When it comes to public parkways, some homeowners behave as if that strip of public property belongs to them. After all, they mow it, so why not pretty it up with some shrubs or a tree? How about installing a nice new service walk from the sidewalk to the curb?

You can see examples of such walks and plantings all over town and, for the most part, no one bats an eye. They look nice, brighten up the joint.

But, there are always the over-enthusiastic parkway decorators – ones plunking down large boulders or planting large trees and shrubs and tall flowering perennials, sometimes directly in the pie-shaped parkways that frame side street intersections.

None of those plantings and hardscape additions are allowed by the village’s code, and officials want to begin nipping those kinds of plantings and unauthorized hardscape installations in the bud in the future.

During the past couple of months, elected officials have provided some direction to staff on how to handle such obstructions and encroachments in the public right-of-way. 

There’s still some work to do before the village board votes to amend its zoning code to expressly state what will be permitted in the public right-of-way and under what conditions. Generally speaking, however, the village is moving toward a policy of “unless you get permission to do so, you can’t do it.”

Village inspectors are not prowling the streets looking for such encroachments and for the most part any existing encroachments will be allowed to remain, as long as they aren’t safety hazards and don’t blocking visibility for drivers approaching alleys, driveways and intersections.

“We’re not going to remove any landscaping or go out there and cite people for having landscaping in the parkway … unless there’s a visibility issue,” said Michael Schwarz, the village’s new community development director.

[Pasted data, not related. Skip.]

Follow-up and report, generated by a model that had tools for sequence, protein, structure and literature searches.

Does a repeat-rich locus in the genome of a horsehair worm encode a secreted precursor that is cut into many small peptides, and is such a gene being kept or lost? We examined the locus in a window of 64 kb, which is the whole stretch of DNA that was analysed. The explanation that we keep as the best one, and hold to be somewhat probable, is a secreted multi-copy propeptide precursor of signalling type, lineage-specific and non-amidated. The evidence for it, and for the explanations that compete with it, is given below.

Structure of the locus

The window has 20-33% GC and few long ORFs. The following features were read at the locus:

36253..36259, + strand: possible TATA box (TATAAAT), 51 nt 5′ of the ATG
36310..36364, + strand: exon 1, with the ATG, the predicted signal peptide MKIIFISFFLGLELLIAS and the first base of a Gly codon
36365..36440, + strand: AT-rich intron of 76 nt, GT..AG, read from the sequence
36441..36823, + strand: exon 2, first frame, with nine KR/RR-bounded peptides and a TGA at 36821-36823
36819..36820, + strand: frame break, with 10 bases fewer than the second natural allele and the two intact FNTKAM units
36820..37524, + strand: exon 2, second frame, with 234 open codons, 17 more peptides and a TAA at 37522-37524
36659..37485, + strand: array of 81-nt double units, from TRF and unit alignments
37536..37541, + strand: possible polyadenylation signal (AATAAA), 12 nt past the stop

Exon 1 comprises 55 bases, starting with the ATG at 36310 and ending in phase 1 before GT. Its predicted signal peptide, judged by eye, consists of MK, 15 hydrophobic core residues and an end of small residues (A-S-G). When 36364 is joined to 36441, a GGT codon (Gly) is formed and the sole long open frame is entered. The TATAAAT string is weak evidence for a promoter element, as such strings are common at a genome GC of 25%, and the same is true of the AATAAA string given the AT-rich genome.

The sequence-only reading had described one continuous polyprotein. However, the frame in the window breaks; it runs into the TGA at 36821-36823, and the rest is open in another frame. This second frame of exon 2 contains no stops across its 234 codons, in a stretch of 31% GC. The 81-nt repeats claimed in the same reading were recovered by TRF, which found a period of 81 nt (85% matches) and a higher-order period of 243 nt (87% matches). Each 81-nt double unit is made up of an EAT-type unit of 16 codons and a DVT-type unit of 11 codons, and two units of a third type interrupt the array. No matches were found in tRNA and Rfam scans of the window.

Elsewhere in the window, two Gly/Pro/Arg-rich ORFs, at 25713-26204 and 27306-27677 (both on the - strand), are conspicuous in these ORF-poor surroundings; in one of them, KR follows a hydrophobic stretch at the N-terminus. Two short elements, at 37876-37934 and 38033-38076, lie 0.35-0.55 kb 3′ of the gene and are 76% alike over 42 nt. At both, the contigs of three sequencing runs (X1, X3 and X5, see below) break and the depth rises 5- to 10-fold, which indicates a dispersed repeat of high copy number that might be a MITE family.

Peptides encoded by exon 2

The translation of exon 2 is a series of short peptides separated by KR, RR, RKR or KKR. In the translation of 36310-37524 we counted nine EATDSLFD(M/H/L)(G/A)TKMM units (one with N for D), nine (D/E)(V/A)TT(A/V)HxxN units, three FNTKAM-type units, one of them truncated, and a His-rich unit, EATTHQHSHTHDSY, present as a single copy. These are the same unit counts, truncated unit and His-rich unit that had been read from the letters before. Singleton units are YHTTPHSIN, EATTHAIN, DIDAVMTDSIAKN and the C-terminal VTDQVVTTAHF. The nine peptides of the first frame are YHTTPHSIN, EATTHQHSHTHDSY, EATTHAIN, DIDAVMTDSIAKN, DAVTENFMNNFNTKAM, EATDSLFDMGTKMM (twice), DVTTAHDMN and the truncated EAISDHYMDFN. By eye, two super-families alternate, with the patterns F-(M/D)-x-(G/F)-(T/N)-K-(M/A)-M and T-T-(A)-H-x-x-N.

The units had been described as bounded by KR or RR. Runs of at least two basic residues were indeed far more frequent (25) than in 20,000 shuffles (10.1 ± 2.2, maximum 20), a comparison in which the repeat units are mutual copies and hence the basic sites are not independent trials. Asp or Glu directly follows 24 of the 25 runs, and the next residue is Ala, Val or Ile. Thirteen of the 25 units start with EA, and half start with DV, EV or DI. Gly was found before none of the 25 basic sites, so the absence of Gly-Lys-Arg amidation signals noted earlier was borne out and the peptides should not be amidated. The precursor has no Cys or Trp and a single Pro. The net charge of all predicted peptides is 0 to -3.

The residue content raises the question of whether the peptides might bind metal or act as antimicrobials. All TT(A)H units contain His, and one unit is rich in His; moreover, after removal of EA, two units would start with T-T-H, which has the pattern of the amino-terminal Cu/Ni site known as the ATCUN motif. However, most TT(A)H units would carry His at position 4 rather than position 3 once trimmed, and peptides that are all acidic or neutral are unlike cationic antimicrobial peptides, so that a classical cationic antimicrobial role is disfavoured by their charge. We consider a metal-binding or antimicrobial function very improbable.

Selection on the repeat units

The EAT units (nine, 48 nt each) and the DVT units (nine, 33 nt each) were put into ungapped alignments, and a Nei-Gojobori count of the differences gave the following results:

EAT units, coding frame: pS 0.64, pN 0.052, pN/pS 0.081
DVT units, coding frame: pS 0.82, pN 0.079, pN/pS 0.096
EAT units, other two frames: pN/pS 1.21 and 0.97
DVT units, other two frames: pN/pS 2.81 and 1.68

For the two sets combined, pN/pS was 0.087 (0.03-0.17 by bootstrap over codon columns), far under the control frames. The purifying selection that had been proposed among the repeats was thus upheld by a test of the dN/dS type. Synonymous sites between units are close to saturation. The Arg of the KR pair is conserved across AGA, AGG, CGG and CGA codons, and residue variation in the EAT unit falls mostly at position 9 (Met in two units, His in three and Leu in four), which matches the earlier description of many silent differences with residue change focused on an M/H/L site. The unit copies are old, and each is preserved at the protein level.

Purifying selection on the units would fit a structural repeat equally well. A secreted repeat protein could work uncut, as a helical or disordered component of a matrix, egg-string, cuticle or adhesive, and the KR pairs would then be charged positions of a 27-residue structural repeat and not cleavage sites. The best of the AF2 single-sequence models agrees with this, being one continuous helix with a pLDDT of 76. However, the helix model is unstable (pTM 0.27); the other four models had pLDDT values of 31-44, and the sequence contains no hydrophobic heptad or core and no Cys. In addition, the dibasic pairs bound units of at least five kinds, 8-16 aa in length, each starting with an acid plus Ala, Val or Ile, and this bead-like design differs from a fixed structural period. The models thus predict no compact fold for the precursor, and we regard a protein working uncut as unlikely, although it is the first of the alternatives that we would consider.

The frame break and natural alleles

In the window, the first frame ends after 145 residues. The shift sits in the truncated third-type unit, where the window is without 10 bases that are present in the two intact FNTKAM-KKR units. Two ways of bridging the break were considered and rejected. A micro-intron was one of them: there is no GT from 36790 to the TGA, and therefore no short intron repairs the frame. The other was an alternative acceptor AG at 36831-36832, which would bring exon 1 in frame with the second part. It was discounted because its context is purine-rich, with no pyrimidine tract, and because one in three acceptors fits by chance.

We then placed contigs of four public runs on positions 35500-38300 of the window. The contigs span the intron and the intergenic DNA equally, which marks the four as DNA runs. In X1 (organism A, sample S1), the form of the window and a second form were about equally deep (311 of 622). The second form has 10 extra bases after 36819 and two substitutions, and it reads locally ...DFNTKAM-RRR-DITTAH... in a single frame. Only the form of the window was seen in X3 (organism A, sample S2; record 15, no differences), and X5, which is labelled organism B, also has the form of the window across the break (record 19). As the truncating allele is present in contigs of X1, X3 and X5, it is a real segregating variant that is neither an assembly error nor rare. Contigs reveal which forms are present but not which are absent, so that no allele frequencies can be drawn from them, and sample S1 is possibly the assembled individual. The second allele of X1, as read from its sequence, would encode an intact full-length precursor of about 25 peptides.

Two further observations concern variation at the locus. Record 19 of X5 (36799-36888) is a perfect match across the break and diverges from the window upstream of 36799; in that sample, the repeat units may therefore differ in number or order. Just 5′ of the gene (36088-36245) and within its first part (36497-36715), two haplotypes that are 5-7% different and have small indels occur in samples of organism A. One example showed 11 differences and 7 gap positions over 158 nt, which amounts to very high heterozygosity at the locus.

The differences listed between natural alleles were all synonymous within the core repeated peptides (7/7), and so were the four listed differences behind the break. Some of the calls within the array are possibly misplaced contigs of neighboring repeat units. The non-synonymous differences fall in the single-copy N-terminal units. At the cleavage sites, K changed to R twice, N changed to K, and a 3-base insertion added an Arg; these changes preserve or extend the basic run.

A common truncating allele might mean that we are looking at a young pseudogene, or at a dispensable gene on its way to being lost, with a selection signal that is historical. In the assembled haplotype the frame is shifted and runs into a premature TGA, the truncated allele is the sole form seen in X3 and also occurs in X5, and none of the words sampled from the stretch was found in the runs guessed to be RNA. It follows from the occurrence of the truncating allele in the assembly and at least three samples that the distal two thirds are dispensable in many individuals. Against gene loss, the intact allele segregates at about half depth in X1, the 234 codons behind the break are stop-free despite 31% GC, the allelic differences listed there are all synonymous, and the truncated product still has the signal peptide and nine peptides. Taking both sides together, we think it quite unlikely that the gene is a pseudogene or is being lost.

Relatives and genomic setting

For now, village staff will be recommending adding to the code language that specifically states the only groundcover allowed on village-owned parkways is turf and that the only trees allowed are ones planted by the village.

That language might be amended further down the road, said Schwarz, depending on direction from the village board. For example, Trustee Katie Kaluzny mentioned that the Brookfield Conservation Commission was mulling the idea of an allowable plants list for village-owned parkways.

“There’s a lot of people that are trying to go for no-mow, no-watering lawns,” Kaluzny said.

Schwarz said the village should not under any circumstance allow private planting of trees and shrubs in the parkway, and stressed that he favored grass as the preferred parkway groundcover, because if the village needs to dig up the parkway for any reason – street improvements or utility system repairs and upgrades – the village shouldn’t have to replace flowers or any other groundcover planted by residents in the public way.

While the staff recommendation is to specifically prohibit any private planting in the public way, they say the installation of service walks, sprinkler systems and the like would continue to be allowed, but only if a resident signs a licensing agreement that lays out who bears the liability and cost of replacing such structures and systems in the event they’re damaged.

“Ideally, we’re trying to educate people more than punish people,” Schwarz said, adding the village should promote the new policies, whatever they turn out to be, in order to ensure residents know what the rules are going to be moving forward.